Qualcomm currently supplies all of the modem chips that connect Apple’s devices to mobile data networks, but Apple is working on its own modem chips.

At an investor conference in New York, Qualcomm executives said they expect to supply only 20 per cent of Apple’s modem chips by the launch of the iPhone in 2023. Qualcomm Chief Financial Officer Akash Palkhiwala expects Apple to make up a “low single-digit” percentage of the company’s chip sales by the end of fiscal 2024.

But Apple losses will be more than offset by gains in other fields, Qualcomm executives said.

Qualcomm expects revenue from the automotive sector, where sales were just under US$1-billion in fiscal 2021, to reach US$3.5-billion in five years and US$8-billion in 10 years. Earlier on Tuesday, Qualcomm landed a deal to sell self-driving car chips to German automaker BMW.

On the decline

Shares of Walmart Inc. (WMT-N) dipped at the open after it raised its annual sales and profit forecast in anticipation of a surge in demand for toys and apparel during the crucial holiday season, even as global supply chain disruptions hit its margins in the third quarter.

Major retailers including Amazon have been struggling to bring products into the United States ahead of the peak shopping season due to shipping logjams, shuttered factories in parts of Asia and a scarcity of raw materials in the recent months.

Walmart, which has been chartering its own vessels to move goods, said U.S. inventory was up 11.5 per cent ahead of the busy festive season.

“We have the people, the products, and the prices to deliver a great holiday season for our customers and members,” Chief Executive Officer Doug McMillon said in a statement.

Some analysts expect Walmart and its rivals to have enough inventory this holiday season as shipments that have been delayed for months arrive at U.S. ports.

“All of a sudden you have three months worth of product coming in,” Marshal Cohen, NPD’s chief retail analyst, said.

“What could have been a shortage of product at one point could now very well turn into a surplus.”

Walmart’s forecast comes weeks after rival ecommerce giant Amazon reported an underwhelming fourth-quarter outlook and warned of higher costs during the holiday period.

Bentonville, Arkansas-based Walmart also said it expects full-year U.S. same-store sales to be more than 6 per cent higher than its prior forecast of a 5-per-cent to 6-per-cent rise. Adjusted profit is expected to be around US$6.40 per share up from a previous range of US$6.20 to US$6.35.

In the third quarter, sales at U.S. stores open at least a year rose 9.2 per cent, excluding fuel, benefiting from higher grocery demand and people buying more at stores. Analysts had estimated a gain of 7.04 per cent, according to Refinitiv data.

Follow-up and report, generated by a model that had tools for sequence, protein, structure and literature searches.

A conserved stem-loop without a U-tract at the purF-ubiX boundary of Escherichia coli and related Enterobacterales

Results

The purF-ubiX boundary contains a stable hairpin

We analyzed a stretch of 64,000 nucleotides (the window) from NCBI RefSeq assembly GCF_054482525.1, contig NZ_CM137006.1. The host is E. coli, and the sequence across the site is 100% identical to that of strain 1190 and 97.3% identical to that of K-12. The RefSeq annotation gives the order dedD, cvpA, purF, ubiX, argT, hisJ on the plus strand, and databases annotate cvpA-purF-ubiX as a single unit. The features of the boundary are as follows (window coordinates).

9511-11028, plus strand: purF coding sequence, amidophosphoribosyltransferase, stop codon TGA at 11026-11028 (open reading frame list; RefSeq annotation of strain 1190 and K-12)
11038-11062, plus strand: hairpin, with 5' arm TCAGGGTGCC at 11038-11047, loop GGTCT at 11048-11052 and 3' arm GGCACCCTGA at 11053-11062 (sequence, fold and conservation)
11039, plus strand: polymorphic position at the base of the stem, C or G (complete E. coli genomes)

The increased foot-traffic comes at a time when inflation is high, and deep discounters like Walmart are trying to draw cash-strapped Americans to stores.

Still, some analysts warned of a margin hit during the festive season, with Evercore’s Greg Melich saying that supply chain issues or inflation could see Walmart down 10-30 basis points on its fourth quarter gross margin rate in the U.S..

The company’s third-quarter gross profit rate decreased 42 basis points. Total revenue grew by a better-than-expected 4.3 per cent to US$140.53-billion and on an adjusted basis it earned US$1.45 per share, 5 US cents above Wall Street expectations

Home Depot Inc. (HD-N) also declined after it beat quarterly sales estimates by nearly US$2-billion on Tuesday as Americans, buoyed by a strong housing market, hired more builders and handymen to complete large home improvement projects, boosting demand for tools and materials.

Professional contractors have been rushing back to Home Depot’s stores as they look to upgrade their toolkits and source building materials to complete a backlog of home improvement and repair jobs that were put on hold during the health crisis.

Rising home prices in the United States has also given people confidence to invest in upgrade jobs for their homes, while more millenials moving to suburban areas during the pandemic has expanded the core customer base of retailers like Home Depot.

Same-store sales rose 6.1 per cent in the third quarter, beating estimates of a 1.4-per-cent increase, according to Refinitiv IBES data. Overall net sales rose nearly 10 per cent to US$36.82-billion, beating estimates of US$35.01-billion.

“The results show that home spending is remaining strong even as we cycle the big COVID-related surge from a year ago,” D.A. Davidson analyst Michael Baker said.

Mr. Baker added that Home Depot’s profit margins were performing well despite surging freight and logistics costs due to global supply chain disruptions.

Home Depot has been spending heavily to minimize shortages including even chartering its own cargo ship to deal with the pandemic-driven slowdown of sea networks.

Still, the company said its net earnings rose 20.3 per cent to US$4.13-billion, or US$3.92 per share, in the third quarter.

The retailer’s total transactions fell 5.5 per cent as fewer do-it-yourself customers made purchases compared to last year when the pandemic sparked a surge in amateur home improvement projects.

Home Depot’s results set a high bar for smaller rival Lowe’s Cos Inc. (LOW-N) when it reports quarterly results on Wednesday, analysts said, especially as Lowe’s is more dependent on DIY customers.

NFI Group Inc. (NFI-T) declined despite announcing an order from the University of Michigan’s Transportation Services that could grow to 54 buses.

The initial commitment is for three forty-foot transit buses and one sixty-foot bus. The contract has a base term of one year with 13 one-year renewal terms and also includes options for up to 50 buses in 35-foot, 40-foot and 60-foot lengths.

Separately, it announced an increase to its bought deal offering of unsecured convertible debentures to $300-million from $250-million.

Laurentian Bank Securities’ Nauman Satti said: “NFI’s share and debenture offerings should result in leverage reduction, alongside the covenant relief from the lenders as NFI navigates the industry-wide supply chain challenges. We continue to like NFI’s positioning in the growing EV market, albeit the transaction is reflective of NFI’s balance sheet challenges that limit its ability to invest in new products or undertake any M&A activity. Net/Net, we do not expect the two transactions to have a material impact on our valuations or stock price. For NFI stock to see any multiple re-rating, improvement in supply-side challenges and backlog growth is warranted.”

With files from Brenda Bouw, staff and wires